“And that is what happened to slaves and others in the middle passage. It speaks with great authority and he’s able to balance his knowledge with his deep anger with what has transpired,” Berlin said. “It has an edge of moral outrage which gives it a certain kind of authenticity.”
Rediker acknowledges a fascination with elements of the sea and seafaring, the romance and adventure of pirates and explorers, but says, “We’re fascinated by all tall ships except the most important one, and that’s the slave ship. And that one we can hardly bear to look at.”
Slave ships arrived on the west coast of Africa, where it took an average of six months to gather the entire human cargo of slaves. The middle passage, as the journey to the Americas was known, could take eight to 13 weeks. Death was common. Some 1.5 million Africans died, either of sickness, suicide or by murder-as-example. Crews also faced death, either by illness, insurrection or sinking.
In one example in the book, an African man who refused to eat was tied up and lashed with a horse whip until he was raw and bloody “from his neck to his ankles.”
After the beating, Captain Timothy Tucker ate his dinner, then returned to inflict more punishment to prevent the man – who had apparently decided to end his life by self starvation – from inspiring others to starve themselves.
Tucker ordered a cabin boy to get his pistols. He pointed a pistol at the man’s head and told him he’d kill him if he refused to eat. The man replied “Adomma” in his native tongue – “so be it.”
Tucker fired into the man’s forehead. The man clapped his hand to his wound, but did not die. Tucker placed the gun to the man’s ear and fired again. Again, he did not die. Tucker then ordered another sailor to shoot the man through the heart, which finally killed him.
“Captains ruled this potentially rebellious mass of humanity by enacting terrible examples, enacting violence and terror on one in an effort to cow the rest,” Rediker says.
Slaves, who far outnumbered the crew, also plotted rebellion.
“What’s impressed me in doing this research, is even though the odds of insurrection were low, enslaved people kept trying. They kept trying,” Rediker says. “They refused to accept this reality and the captain and the sailors assumed the enslaved would rise up and kill them given half a chance, to escape this horrible reality of the ship and this slavery they were being carried into.”
A prevalent west African religious belief that when someone died, they would return to homeland, also prompted suicides.
“They would jump overboard. Captains put netting around the rail to prevent them from doing that. Some would actually try to cut their own throat with their fingernails. This was a desperate business,” Rediker notes.
Life was not much better aboard the slaver for common sailors, many of whom were duped into signing up for duty. Men were often rounded up while drinking in pubs or yanked from jails.
Once the kidnapped Africans were delivered to slave markets in Jamaica, South Carolina and elsewhere, captains frequently forced sailors – who, after all, had to be paid – off the ships, bilking them of their wages.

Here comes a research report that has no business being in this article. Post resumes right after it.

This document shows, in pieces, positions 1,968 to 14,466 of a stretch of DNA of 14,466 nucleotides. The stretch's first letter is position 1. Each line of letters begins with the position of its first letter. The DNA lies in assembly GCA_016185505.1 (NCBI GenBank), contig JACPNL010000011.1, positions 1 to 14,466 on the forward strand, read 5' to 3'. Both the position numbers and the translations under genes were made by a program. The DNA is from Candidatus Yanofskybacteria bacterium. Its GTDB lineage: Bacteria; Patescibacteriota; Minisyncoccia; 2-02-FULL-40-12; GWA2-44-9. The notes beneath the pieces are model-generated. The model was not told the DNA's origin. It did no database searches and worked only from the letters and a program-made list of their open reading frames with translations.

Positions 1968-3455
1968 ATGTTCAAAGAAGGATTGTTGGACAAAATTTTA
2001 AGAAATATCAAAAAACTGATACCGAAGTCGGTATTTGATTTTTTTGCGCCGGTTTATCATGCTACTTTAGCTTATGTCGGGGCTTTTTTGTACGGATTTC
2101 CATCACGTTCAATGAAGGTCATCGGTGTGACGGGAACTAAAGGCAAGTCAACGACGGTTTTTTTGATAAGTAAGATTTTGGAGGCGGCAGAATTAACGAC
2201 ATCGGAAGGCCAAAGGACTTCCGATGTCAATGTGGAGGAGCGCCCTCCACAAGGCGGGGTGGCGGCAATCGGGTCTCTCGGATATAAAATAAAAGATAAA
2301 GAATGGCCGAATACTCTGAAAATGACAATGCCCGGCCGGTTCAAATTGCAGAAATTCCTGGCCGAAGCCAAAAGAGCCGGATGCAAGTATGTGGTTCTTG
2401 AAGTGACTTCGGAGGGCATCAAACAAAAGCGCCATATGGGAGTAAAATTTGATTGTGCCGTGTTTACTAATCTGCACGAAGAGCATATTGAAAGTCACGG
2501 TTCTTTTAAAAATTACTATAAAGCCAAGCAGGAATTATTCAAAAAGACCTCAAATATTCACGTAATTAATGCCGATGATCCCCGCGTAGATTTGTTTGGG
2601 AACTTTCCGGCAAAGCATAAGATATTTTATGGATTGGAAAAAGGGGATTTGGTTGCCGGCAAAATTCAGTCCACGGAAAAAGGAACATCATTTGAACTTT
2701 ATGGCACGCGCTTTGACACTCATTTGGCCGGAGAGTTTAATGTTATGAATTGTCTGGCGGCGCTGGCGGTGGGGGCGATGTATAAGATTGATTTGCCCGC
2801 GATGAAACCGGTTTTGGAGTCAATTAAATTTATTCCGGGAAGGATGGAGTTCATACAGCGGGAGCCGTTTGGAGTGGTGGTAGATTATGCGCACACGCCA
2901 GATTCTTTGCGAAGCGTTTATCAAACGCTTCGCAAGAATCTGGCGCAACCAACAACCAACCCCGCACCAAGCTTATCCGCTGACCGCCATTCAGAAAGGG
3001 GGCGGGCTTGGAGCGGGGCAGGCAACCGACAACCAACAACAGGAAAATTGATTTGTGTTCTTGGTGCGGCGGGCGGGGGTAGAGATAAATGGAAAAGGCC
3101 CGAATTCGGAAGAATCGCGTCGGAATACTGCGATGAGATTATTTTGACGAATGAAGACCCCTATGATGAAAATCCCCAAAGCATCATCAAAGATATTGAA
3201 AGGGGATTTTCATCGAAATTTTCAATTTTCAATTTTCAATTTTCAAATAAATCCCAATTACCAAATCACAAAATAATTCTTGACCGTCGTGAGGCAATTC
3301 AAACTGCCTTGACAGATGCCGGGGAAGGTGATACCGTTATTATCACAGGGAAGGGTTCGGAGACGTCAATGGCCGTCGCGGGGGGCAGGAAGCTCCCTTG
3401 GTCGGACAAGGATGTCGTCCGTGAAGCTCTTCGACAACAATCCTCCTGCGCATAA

“You need a lot of sailors to guard the slaves on the middle passage, but once you’ve sold the slaves, you need a much smaller crew to return to the home port,” the author says. “So these sailors become beggars, and many of them close to death … were nightmarish in appearance.”
Rediker discovered that frequently, slaves took the sailors into their huts and cared for them.
“This is a very powerful and hopeful commentary that people who suffered tremendously on board these ships could have this compassion for other people who were literally their prison guards, who were now suffering because of their own experience aboard the ship,” Rediker says. “It’s just a stunning thing.”
Eventually, abolitionists focused on the horrors of the slave ship, which help lead to the outlaw of the slave trade two centuries ago. “The slave trade happened far beyond the shores of most people’s experience. (The public) really didn’t know what happened on these ships,” Rediker says.
A print of the slave ship Brooks, showing slaves packed sardinelike below deck in the ship, which was published in England and America, was particularly effective in the campaign against slavery. Rediker devotes a chapter to the print.
“Once (the public) could see the physical layout of bodies, they were struck with horror: What must that be like?”
The book also details the work of British abolitionist Thomas Clarkson, who traveled to Liverpool and Bristol in 1787 to gather information about the slave trade. While ship merchants and captains refused to talk with him, he gathered evidence from sailors that fueled the abolitionist movement.
The slave trade was abolished in Britain in 1807 and in America in 1808.
Rediker also devotes a chapter to John Newton, the slave ship captain perhaps best known for writing the hymn “Amazing Grace.” Newton had a Christian conversion while a slave captain, but did not immediately renounce the trade and continued to serve as a captain until a stroke forced him to retire.
He did not write “Amazing Grace” until well after his retirement.
“The dark side of our history is one we don’t like to face, and yet, I believe that progress depends on coming to grips with it,” Rediker says.
On The Net:
Marcus Rediker’s Web site: http://www.marcusrediker.com